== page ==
Follow and support our Campaign for flight safety. The role of the Licensed Aircraft Engineer is to verify the quality of all Technical maintenance performed before flight.
Aircraft Engineers Warn EC of Deteriorating Safety Standards
Amsterdam - 10 April 2018 (click on link below)
English (original version)
SAFETY ISSUES WITH THE EASA VERIFICATION PROCESS (click to access information)
Related documentation (follow the link)
By Annex 1 (Part M.A. 801 (a)), commercially operated aircraft must be maintained by a Part 145 organisation (approved as required by Article 4) which requires that a “certificate of release to service shall be issued by appropriately authorised certifying staff on behalf of the organisation when it has been verified that all maintenance ordered has been properly carried out by the organisation in accordance with the procedures specified in point 145.A.70, taking into account the availability and use of the maintenance data specified in point 145.A.45 and that there are no non-compliances which are known to endanger flight safety”.
However, numerous authorities within Europe and those regulated by EASA have elected to redefine “verification” so as to restrict it exclusively to the “box ticking” clerical exercise of ensuring, exclusively by reference to documentation and even if only signed off by unlicensed engineers, that maintenance tasks have been carried out appropriately and as required. It is difficult to understand how those authorities have concluded that checking documents signed off by engineers not themselves licensed to verify the completion of work for release purposes can be interpreted as verification in accordance with the terms of part 145.
It must be highlighted here that the Regulation states that verification is of “all maintenance ordered”, and explicitly not of all records of maintenance ordered, which would be the necessary description of the process permitted by an increasing number of European National Authorities. A “tick box” clerical exercise of that nature would, after all, hardly make it proportionate for the certifying engineer to become personally legally responsible for the approval of maintenance, nor would it be necessary or appropriate to impose more than 200 pages of detailed regulations on that class of engineer.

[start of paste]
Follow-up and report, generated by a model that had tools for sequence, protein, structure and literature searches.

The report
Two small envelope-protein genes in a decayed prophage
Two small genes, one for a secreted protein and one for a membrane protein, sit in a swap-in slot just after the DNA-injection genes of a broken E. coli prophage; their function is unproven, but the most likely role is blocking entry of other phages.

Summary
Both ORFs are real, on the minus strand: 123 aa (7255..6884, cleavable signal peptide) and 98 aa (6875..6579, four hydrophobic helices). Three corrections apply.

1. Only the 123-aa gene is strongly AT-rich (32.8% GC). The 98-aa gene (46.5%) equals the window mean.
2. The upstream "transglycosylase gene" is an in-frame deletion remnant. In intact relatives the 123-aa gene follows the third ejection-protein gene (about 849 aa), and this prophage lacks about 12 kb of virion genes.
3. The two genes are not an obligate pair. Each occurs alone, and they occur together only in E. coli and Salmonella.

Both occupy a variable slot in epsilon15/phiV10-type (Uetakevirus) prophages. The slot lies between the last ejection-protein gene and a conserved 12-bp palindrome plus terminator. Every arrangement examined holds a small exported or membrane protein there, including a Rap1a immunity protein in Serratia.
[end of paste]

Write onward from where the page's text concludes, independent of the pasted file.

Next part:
Performance, inspection and supervision of aircraft maintenance builds a cornerstone in aviation safety. On a global level, airlines and maintenance organisations compete by reducing operational cost. On to many occasions this competition has put to much pressure on people and organisations. This sometimes results in unsafe performance- and lack of inspection and supervision of aircraft engineering and maintenance. Violation of safety regulations is unfortunately accepted by aviation authorities which in turn builds a sub-standard.
AEIs campaign focus on two main areas:
- Enforcement of safety regulations and requirements
- Protected rights for licensed maintenance staff
This is why the Licensed Aircraft Engineer is important (link)
This is how EASA look at their own regulation. Unfortunately the same policy, and related regulations, are not being enforced in all member states.
EASA policy on Certificates of Release to Service for aircraft maintenance and associated responsibilities of maintenance organisations and CAMOs (17 December 2015)
Maintenance issues in the US
Even though the regulatory system in the US is different from the European EASA system, we share the same problem with cost reductions. Sometimes by cutting corners.